SAN FRANCISCO - Many consumers are turning to websites for their shopping fix, and retailers in Singapore and abroad are trying to woo them by allowing shoppers to collect online purchases at brick-and-mortar stores.
But a United States study shows that the option often saves little, if any, time over in-store shopping.
According to the results of a small study released yesterday by retail-intelligence firm StellaService, in-store pick-up saved shoppers just 96sec on average, compared with searching for items on their own.
In a few cases, in-store pick-up even took longer.
In-store pick-up is one of many services being tested, as retailers try to use their stores as mini shipping hubs to get items to shoppers more quickly.
Major US retailers, including Target and Toys 'R' Us, are already doing this.
The move comes in response to competition from the No. 1 US online retailer, Amazon.com, which has streamlined its delivery service.
The StellaService study, based on 44 visits to stores run by 11 retailers in the southern part of the US, is one of the most comprehensive studies so far on the in-store pick-up service.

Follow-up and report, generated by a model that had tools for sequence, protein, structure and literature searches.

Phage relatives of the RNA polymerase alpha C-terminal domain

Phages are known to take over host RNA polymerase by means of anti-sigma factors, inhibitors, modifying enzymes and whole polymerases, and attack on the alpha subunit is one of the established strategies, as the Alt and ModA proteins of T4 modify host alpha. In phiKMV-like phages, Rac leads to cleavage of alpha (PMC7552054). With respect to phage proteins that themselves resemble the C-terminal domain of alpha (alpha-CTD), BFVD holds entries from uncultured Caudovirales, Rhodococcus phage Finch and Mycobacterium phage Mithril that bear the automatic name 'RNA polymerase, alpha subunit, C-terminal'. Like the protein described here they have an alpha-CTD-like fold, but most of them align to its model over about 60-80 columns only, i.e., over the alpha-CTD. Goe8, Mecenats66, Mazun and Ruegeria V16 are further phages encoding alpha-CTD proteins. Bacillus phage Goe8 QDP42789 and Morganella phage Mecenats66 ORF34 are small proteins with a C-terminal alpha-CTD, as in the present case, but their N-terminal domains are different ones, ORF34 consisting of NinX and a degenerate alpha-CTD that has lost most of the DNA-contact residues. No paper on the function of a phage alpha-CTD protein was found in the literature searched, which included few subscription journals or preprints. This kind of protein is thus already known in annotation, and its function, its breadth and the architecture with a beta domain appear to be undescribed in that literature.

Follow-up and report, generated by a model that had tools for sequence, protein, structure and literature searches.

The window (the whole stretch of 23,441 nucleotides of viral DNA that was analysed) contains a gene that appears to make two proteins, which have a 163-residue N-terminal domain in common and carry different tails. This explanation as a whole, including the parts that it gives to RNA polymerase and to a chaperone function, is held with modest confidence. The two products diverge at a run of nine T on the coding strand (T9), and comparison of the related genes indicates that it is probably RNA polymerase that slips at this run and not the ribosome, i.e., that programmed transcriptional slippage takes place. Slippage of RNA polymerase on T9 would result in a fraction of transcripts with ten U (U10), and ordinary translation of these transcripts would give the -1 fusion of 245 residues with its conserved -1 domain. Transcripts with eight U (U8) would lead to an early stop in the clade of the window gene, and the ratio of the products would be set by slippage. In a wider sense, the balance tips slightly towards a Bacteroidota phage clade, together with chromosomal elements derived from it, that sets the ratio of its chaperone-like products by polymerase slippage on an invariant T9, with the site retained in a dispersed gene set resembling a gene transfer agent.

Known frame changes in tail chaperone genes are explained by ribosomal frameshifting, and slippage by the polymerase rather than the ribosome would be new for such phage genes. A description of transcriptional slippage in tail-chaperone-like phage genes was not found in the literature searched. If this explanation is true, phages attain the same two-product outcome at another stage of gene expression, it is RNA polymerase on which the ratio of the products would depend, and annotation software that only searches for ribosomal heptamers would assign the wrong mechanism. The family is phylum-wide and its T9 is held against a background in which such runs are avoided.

The results show that retailers have no uniform approach to the concept.
"It's amazing just how much simpler the process would have been if someone had just put up a sign," said Ty McMahan, senior director of content for StellaService, adding that retailers are spending "tens of millions of dollars" on these initiatives.
Shoppers spent an average of 5min 24sec in a store when trying to pick up their online orders.
Those who did not use the in-store pick-up feature spent an average of 7min in the store, according to the study.
But in-store pick-up saved just 30sec at Target and Toys 'R' Us.
At Macy's, shoppers were not quite sure where to go. In-store pick-up took 8min 30sec, while those who walked in spent five minutes at a Macy's store.
In contrast, in-store pick-up took only two minutes at Office Depot, compared with four minutes for those who walked in.
Home Depot and Nordstrom were the only other retailers that were slower for in-store pick-up. Macy's and Home Depot could not immediately be reached for comment.
Nordstrom said one of the reasons it offers in-store pick-up for online items is to guarantee customers that the items will be there for them if they make a visit to the store.
"We are always looking at ways to improve the service for our customers," Nordstrom spokesman Brooke White said.